Outwear Review: Bonfire Particle Pants

Written by JT on . Posted in Reviews


This year I picked up a pair of Bonfire Particle pants, pretty cheap. ($109.00) The specs on the pants are as follows:

-Plain Weave Fabric
-10,000 mm Waterproof
-Fully Tape Seams
-8,000g Breathability
-Shell Insulation
-Brushed Tricot Seat and Knees Lining.

This is my first pair of Bonfire pants, and really they aren’t bad at all. In fact I rather enjoy riding in them. They are baggy enough to move around in, and have consistently kept me warm, even on some 4 degree days. I do wear a pair of base pants underneath them to help with warmth on super cold days. The nice thing about Bonfire pants is it appears that the sizing is pretty much spot on. Usually snowboarding gear runs smaller than normal, but in this case sizing appears to be right on. If you’re a bigger waist 38ish, you can nab an XL and be fine, if you’re 40-42 you can nab the XXL and they should fit just fine. Again, try them on prior to purchasing if possible.

Onto some specifics. The taped seams are nice and do their job well. The pants kept me dry with no problem, and have held up well to some gnalry bails. So far, I don’t have any tears or rips in them, which was suprising. I’ll report back on how they stand up as time progresses. The pants have several pockets including cargo pockets, nice for storing lil items you may need. Bonfire include a very simple lining that acts similar to a pair of underwear, but that’s about where it stops. It’s a basic lining, nothing fancy, but it does get the job done.

The pants slip right over my boots no problem, and even with my short 30″ inseam they don’t drag on the ground when I walk. Your mileage may vary of course, depending on physical constraints. There is a multitude of color choices including, fire engine red, purple, lime green, an off yellow, and a few more to boot. Of course there is always the traditional black that a lot of people seem to favor. I myself opted for the lime green, that way you can’t miss me shredding down the runs.

Overall, the Bonfire pants are a great “bang for the buck.” Quality built, seem to last pretty decently, and fit just perfectly. I have to give props to the Particle pants for now. We’ll see how they hold up as I move onto A-Basin to finish up the season.

Binding Review: 08-09 Flow M9

Written by JT on . Posted in Uncategorized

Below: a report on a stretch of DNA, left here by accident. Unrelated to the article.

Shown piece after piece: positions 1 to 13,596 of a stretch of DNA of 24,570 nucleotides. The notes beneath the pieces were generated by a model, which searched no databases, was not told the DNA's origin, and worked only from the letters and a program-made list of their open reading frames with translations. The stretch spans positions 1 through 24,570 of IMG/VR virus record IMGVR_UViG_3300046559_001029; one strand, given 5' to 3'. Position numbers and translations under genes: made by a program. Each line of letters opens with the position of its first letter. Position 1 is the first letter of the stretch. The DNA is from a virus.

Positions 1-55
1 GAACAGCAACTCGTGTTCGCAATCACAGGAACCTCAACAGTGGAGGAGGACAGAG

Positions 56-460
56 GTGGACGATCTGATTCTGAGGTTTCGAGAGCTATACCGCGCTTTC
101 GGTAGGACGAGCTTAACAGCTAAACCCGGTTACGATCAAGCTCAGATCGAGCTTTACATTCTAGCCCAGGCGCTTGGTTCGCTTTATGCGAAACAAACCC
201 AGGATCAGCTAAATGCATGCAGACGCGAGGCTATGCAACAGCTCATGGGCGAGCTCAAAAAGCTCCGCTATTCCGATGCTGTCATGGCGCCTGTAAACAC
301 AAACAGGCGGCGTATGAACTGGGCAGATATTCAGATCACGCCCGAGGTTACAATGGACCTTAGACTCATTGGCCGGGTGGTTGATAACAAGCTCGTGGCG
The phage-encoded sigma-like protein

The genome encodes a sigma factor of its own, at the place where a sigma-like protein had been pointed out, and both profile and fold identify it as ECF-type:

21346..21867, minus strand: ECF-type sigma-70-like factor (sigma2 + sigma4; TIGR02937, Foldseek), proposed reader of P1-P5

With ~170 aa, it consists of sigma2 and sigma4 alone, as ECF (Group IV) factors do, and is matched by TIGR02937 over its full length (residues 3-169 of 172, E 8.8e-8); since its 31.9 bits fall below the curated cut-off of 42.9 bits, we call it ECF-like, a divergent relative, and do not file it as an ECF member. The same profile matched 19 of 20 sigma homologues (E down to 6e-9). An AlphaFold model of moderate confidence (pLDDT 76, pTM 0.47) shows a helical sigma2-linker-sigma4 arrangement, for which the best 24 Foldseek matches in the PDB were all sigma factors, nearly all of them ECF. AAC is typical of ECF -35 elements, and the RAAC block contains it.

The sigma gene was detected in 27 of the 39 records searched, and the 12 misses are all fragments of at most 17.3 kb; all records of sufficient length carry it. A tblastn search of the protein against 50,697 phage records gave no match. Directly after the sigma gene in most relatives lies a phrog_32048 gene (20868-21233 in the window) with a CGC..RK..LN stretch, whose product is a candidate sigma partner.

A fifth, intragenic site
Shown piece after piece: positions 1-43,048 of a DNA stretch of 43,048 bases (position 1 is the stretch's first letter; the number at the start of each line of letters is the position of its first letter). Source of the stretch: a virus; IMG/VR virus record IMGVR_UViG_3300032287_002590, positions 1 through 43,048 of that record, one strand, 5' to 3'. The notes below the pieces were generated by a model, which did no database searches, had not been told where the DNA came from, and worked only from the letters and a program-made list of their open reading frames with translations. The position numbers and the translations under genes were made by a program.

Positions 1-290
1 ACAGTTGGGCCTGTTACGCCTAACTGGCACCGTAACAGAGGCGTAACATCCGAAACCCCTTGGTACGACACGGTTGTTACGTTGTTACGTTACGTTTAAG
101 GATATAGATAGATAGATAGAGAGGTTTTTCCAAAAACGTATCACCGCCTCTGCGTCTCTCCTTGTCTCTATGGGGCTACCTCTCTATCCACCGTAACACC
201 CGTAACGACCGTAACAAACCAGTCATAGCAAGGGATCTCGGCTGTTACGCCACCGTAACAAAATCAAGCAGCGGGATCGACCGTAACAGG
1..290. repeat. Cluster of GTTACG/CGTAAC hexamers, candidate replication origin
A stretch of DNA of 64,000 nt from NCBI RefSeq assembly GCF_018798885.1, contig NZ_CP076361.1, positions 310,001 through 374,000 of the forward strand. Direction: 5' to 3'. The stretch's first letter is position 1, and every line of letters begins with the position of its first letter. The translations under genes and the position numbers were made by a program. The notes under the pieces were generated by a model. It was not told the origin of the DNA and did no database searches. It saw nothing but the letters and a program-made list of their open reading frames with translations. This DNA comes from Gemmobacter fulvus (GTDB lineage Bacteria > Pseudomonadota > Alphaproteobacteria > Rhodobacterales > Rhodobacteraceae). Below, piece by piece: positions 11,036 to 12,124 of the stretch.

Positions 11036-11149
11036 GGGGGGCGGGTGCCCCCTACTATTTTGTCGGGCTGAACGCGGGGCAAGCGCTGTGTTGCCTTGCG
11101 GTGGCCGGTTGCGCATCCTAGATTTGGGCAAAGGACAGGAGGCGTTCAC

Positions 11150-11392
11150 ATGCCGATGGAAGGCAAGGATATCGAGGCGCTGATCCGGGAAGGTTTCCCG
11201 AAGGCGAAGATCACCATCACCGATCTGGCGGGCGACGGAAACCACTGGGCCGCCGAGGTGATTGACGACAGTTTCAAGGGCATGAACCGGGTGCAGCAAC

Friday, I was stoked. The new M9s from Flow were being delivered by UPS! I’ve heard both good and bad, as always, about the M9s, and it appears everyone has an opinion on Flow bindings generally. Unboxing the M9s is pretty much the same as unboxing any set of flows. I found setting them up on my board to be slightly easier than the flight series, well in fact much easier. The M9s actually have ratchet style clasps making tightening the unistrap settings much easier and quicker.

The bindings themselves are much lighter than previous year Flow models, and it appears year after year, Flow continues to make continous improvements in performance, functionality and weight with their bindings. The M9 isn’t the lightest binding of the bunch, but is definitely an improvement in the weight arena. Getting in and out of the binding is much easier than the flight series. The highback appears to be better adjusted, and tuned more so for experienced riders. Getting out of any set of Flow bindings can be a PITA, but I found the M9 to be much easier to snap down than the Flight series. The one true beauty of Flow bindings for me is being able to quickly strap them on while riding the lift up to the runs. I just ride off of the lift, and hit the runs I want, without having to sit down and strap in. This to me is worth the headache of getting out of the binding.

Few notes about the bindings. Plastic baseplate, and upper leather unistrap. Strap latches are indeed plastic, but apparently can be replaced with metal latches from Flow. The M9 support cable is held into the baseplate with a metal cap held against the bottom of the base plate. I often wondered if the plastic would keep up, or maintain support for the pressure applied to the cable. Once I started riding those thoughts faded, but alas, I’m still curious to see how much abuse these bindings can take before the plastic gives or breaks allowing the support cable to come loose. I’ll post an update after more aggressive riding.

Onto some riding notes. First the binding provides good support and I would give it medium response. The highback is comfortable, and has nice padding, more so than the flight series. I would expect better performance from the M9 than the flight series, and I was correct in that assumption. Flow bindings are generally ridden a bit looser than standard strap bindings, which can catch some people off guard. I found this to actually work quite well for me, as the binding kept my foot where I wanted it, but didn’t restrict me from moving in ways which I’m used to. The ride is a softer ride, due to the padding included on the base of the binding, but isn’t overly soft. The rider still has a nice feel of the terrain and response of the board. I’m not sure I’d want to ride any style of pipe riding with the M9s at this point, due to the loose fit I found working on all-mountain. Perhaps tweaking the binding to accomodate a tigherfit, would bolster my confidence with them on pipe.

The M9s are a step up in the flow line-up and are indeed fun to ride. While probably not strictly a park binding, I wouldn’t hesistate to catch a rail, or jumps with them, although as I said, at this point I probably would avoid the pipe with the M9s. The price point for the M9s can range anywhere from $120-200 depending on when you purchase them and if you’re purchasing 08’s or 09s. If you’re looking for a nice all-mountain, decent park binding and are a fan of the Flow line, definitely check out the M9s.